Damn – he’s gone and done it; it’s too late, it seems, to keep the restless wakefulness to himself. It feels selfish now ( though he’s never claimed to be selfless ), to have caved into the instinctive desire to find comfort in her presence, and he tries to escape out the door in the hope that she’ll write it off as an idle trip to the kitchen, but her voice catches him mid-step and he sighs – since she’s already awake, there couldn’t be any harm in it, could there?
— – there’s Christmas lights in his memory, but he knows he can’t see them, knows they’re not actually there, dangling strands of multi-colored icicles that force his muscles to seize with sharp, snapping, paralyzing bouts electricity –
Bruce’s arm flinches from the shoulder with phantom sensation and he inhales deeply as his fist clenches, fingers digging into his palms and staying there. “You should go back to sleep,” – but it’s a token effort, and he knows she won’t, even before he hears the movements ( he just needs to get to somewhere with a light, somewhere warm and he’ll be fine ). A slight pause and she’s right there, and it’s too hard to shed the heavy cloak of anguish and desolation, too hard to pretend that everything’s okay, so he sheds his resolve instead, folding his head into her body and wrapping his arms around her waist.
“Just a dream,” he tells her; a nightmare, but it’s better to leave it nameless, pretend it doesn’t have a lingering hold on his mind and body ( and sanity ) –
Memories he’s spent months wrestling, memories he can win over more often than not. If he hadn’t been confident in his ability to stay them, he wouldn’t have come back, but he can’t deny that this helps, this contact helps – that Maria helps, and that sometimes… sometimes they don’t seem like just nightmares.
There’s a dark cast to the room- sheets and shades of navy and black, pervaded only by the filtered light through slats in the blinds, dull-orange sodium glow cast off from the streetlight sentry on the corner. Through it she can see the flinch, a flickering movement through the hazy atmosphere of a room still caught between sleep and awake and it serves to bring her more sharply to the present moment where he’s murmuring, attempting to get her to go back to bed. Maria exhales when his arms come to rest around her waist ( she’d felt the tension in his tendons and no one can blame her for the surge of relief that comes when he relaxes ), the weight of his head somewhere just off of her shoulder.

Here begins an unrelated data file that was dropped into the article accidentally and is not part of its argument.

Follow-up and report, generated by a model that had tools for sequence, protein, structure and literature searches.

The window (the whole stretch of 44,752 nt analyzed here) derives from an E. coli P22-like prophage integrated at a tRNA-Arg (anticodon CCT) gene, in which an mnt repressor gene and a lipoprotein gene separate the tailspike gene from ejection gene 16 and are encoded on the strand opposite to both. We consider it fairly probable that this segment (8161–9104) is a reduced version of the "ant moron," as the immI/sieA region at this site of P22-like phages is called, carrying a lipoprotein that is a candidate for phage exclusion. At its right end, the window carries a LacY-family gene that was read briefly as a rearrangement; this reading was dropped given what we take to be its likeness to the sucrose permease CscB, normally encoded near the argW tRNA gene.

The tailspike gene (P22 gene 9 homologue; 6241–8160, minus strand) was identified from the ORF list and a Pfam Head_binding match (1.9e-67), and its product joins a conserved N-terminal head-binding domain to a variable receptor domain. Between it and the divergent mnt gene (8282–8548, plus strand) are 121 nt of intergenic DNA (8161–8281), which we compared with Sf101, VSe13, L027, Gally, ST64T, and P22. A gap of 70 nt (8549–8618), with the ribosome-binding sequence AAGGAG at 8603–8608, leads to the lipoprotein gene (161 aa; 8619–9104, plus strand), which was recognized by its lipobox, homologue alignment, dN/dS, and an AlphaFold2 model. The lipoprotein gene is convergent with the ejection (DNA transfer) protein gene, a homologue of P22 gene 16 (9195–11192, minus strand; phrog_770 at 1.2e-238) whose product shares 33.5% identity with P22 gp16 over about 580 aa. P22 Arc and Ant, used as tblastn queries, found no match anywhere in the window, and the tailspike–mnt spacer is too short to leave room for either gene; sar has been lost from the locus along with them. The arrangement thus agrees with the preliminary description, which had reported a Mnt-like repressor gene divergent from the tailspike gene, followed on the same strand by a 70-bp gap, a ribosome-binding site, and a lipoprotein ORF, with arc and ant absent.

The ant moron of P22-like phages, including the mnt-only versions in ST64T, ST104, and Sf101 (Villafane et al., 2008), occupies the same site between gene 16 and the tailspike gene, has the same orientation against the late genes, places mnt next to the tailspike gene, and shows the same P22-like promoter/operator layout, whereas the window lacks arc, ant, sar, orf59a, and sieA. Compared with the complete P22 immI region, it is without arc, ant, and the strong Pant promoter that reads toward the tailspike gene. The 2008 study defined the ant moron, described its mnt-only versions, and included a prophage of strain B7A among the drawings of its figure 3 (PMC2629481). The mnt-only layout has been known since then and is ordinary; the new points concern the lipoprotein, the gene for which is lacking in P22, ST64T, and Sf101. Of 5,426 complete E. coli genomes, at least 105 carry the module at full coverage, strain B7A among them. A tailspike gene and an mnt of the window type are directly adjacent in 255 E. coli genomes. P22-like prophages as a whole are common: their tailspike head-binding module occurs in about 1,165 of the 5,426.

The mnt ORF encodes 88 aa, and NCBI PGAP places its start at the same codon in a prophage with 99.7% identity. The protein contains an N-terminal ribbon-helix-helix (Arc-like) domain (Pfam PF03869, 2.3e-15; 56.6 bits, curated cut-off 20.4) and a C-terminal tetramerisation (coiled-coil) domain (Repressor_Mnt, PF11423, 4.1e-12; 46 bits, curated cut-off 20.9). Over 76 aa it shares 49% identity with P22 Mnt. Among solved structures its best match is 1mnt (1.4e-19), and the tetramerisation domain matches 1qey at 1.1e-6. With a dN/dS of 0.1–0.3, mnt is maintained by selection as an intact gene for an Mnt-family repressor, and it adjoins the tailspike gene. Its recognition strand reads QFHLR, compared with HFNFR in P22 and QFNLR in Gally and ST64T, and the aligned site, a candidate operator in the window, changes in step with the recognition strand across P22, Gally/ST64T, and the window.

Her fingertips brush the middle of his back, arms encircling his torso while she inhales, head turning just enough to find a space of skin near his jaw to press her lips to. When it becomes clear that going back to bed isn’t going to be the best course of action, she shifts into the logical next best step.
“Come on,” it’s just a brush against his ear before she pulls away, keeping the contact linked at the palm of their hands. The door snicks open at the press of her fingertips, the large room just past it is dark, save for a single bulb burning in an outlet just off of the kitchen sink- enough to provide passage to someone familiar with the interior of the unit but not quite enough to be impeding to unadjusted eyes. Maria directs him to a chair at the table before flipping on the light, squinting against the harsh fluorescent and scraping a hand through her hair.
He can choose to talk to her about it- or he can choose not to, either way isn’t of any consequence. Maria’s well aware that coping mechanisms differ greatly from person to person- she’s witnessed many times the stoic silence of a combat-weary agent or the incessant babble of a person simply trying to make sense of what they’ve just encountered. She fears that these wounds might run far deeper than that, however ( if they’re related to what she’s assuming at all- ).
“Tea?” Maria’s already at the faucet, swinging open cabinet doors on either side in an attempt to locate the glass handled dish that might serve her purpose best.